“He’s right,” Laura said. “We’re putting our names on this. That tells people we endorse the message.”

Not necessarily,” Emir said. “It’s just a job.”

“And a well-paying one at that,” Cohen reminded them. “Paying anything your heart could desire.”

Yes,” Guy said, nodding. “The pay is unbelievable. Which is more of a reason to distrust the motives of whoever wrote this.”

“Who cares who wrote it?” Cohen asked. “Did you make it workable? That’s all we want to know. We can’t do any work until you’re done.”

The whole crew looked on at him expectantly, even Laura who he thought was on his side. He sighed. He had tried to convince them. That was all he could do. “Yes,” he near whispered, giving up on his standards, all of them. “I made something that doesn’t suck, even though it still goes against everything I believe in as a human being.”

Cohen clapped his hands together with a big smile on his face. “Well then,” he said. “Great. Perfect. And I assume you sent it out to everyone?”

Guy nodded.

Magnificent. Does everyone have something with them that they can read on?” Cohen asked. “We need to get started right away, and a cold reading should be good to get our approval at the very least.”

Everyone started taking out their phones and tablets, and Guy sat back in his chair, left to watch his Frankenstein creation come to life from the dead. Steve went to the bar to get a drink, but Laura had her phone out to read along, probably imagining shots she would need to make and the camera riggings required. She had to be one of the hardest working members of the entire crew, always involved in every bit of the action.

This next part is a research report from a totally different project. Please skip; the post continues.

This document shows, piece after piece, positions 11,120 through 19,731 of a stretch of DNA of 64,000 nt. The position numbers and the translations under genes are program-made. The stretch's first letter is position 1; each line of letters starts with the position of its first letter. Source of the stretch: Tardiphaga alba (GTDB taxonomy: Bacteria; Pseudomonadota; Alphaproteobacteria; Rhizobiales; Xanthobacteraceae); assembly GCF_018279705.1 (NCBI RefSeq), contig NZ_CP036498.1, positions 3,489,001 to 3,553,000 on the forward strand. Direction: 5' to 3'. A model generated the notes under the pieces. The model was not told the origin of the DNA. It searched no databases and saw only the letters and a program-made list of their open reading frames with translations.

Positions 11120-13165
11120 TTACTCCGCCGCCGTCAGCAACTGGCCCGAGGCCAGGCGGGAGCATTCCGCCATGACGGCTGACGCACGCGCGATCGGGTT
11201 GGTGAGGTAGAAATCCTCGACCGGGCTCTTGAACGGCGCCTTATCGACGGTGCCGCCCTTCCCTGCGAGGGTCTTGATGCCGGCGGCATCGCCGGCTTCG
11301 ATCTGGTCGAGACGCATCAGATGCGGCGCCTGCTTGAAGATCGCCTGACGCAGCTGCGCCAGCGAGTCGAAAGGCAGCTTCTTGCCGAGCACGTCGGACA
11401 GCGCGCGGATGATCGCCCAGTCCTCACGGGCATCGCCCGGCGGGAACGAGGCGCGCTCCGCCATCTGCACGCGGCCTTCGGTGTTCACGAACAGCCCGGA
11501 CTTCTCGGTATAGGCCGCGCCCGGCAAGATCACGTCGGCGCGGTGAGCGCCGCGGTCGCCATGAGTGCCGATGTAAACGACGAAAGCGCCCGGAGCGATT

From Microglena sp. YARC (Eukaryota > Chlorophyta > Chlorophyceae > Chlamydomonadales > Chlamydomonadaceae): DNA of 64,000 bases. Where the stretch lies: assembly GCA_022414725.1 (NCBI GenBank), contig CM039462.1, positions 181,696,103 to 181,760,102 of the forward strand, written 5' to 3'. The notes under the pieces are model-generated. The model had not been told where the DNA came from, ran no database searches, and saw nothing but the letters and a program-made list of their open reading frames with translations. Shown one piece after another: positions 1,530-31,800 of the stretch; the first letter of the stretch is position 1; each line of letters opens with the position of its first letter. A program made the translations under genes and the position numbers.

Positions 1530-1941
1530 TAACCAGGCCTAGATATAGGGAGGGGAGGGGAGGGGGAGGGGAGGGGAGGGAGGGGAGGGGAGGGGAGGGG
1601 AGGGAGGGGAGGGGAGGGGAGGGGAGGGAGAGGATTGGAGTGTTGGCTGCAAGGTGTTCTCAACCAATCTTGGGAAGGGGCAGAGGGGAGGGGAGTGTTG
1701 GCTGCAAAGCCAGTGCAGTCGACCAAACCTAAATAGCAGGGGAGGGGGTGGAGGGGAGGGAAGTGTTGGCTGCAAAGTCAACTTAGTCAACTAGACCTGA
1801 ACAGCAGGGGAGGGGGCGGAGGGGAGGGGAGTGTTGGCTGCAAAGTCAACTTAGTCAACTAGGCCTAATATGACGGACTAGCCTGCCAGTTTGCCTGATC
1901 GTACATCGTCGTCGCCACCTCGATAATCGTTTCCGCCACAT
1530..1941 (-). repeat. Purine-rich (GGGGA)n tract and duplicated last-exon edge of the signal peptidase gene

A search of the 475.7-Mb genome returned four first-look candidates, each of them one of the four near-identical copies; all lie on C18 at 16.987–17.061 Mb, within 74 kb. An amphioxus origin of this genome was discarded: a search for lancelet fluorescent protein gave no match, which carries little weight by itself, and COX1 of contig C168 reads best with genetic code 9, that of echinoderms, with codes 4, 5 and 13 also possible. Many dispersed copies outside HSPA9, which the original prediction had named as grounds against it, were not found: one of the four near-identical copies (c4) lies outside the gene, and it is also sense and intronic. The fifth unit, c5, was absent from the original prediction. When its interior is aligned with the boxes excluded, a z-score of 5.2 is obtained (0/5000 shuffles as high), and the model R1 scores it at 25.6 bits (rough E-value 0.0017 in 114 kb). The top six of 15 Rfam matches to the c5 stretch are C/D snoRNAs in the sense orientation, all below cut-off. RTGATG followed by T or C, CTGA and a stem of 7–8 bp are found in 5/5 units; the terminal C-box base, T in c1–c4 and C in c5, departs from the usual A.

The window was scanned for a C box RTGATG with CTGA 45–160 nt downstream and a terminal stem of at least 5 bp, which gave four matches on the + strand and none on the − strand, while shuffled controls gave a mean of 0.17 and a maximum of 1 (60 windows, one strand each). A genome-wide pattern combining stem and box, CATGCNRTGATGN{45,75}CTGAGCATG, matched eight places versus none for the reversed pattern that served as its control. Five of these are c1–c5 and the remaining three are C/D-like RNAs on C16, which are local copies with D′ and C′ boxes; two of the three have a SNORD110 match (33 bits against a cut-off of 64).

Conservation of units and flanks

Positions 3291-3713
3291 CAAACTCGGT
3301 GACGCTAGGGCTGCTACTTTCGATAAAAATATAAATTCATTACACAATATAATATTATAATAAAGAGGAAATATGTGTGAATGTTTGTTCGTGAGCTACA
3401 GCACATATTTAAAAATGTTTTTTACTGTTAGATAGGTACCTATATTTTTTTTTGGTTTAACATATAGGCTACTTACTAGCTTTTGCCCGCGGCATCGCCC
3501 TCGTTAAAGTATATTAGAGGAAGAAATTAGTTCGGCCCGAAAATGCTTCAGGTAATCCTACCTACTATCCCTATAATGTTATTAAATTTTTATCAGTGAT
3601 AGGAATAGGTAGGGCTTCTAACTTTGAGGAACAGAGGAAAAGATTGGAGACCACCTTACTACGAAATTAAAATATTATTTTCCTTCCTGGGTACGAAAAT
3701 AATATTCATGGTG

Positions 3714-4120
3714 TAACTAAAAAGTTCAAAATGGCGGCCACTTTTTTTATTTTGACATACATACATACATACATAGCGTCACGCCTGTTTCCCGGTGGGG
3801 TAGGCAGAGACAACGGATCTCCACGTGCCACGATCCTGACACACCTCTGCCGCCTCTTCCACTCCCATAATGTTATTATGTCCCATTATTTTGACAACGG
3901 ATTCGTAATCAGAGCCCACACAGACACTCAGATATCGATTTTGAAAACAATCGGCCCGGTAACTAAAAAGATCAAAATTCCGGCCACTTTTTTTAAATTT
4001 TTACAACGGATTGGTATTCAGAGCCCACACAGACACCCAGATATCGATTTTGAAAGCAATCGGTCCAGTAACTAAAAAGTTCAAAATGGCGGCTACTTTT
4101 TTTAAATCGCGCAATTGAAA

“Guy,” Cohen said, “you know the script better than anyone. Who should be playing which part?”

Guy shrugged. “Well, there are really only two major parts,” he said. “The protagonist is a female assembly line worker, and the antagonist is a male robot. Black and white. Yin and yang. Good and evil. Opposites. You get it. It’s your typical, basic story line.”

“Okay,” Cohen said. “That’s easy enough.” He was searching through the script on his tablet. “What other characters do we have?”

Actually,” Guy said, “before I put my red pen to it, those were the only two characters in the entire script with lines. I added one or two more, but I couldn’t change much because I thought your investor would want us to stay as close to the original as possible.”

“Good instincts,” Cohen said. “If I’m honest with you, the investor didn’t really react well to the notion of editing at all.”

Guy scoffed. “You don’t have to tell me that,” he said. “The script read like it hadn’t been edited once.”

“But now it has,” Cohen said, clapping his hands and smiling. He was clearly happy to finally have something to do. As a director he didn’t have much work to do on a project until shooting got started. “So,” he went on. “I guess we’ll put Emir in the role of our antagonist… Adam Torrence? Is that right?” He looked to Guy for reassurance.

Guy nodded.

Emir scoffed. “Torrence?” he said. “What kind of name is that?”

Cohen looked at Guy and cringed. “Yeah, you know,” he said. “I’m not really feeling it, either. Was that in the original?”

Guy could feel himself getting defensive. Adrenaline, or something like it, boiled up into his throat from inside his stomach, and this wasn’t even his work. It was crap, and he knew it. So why did he let their critiques bother him so much?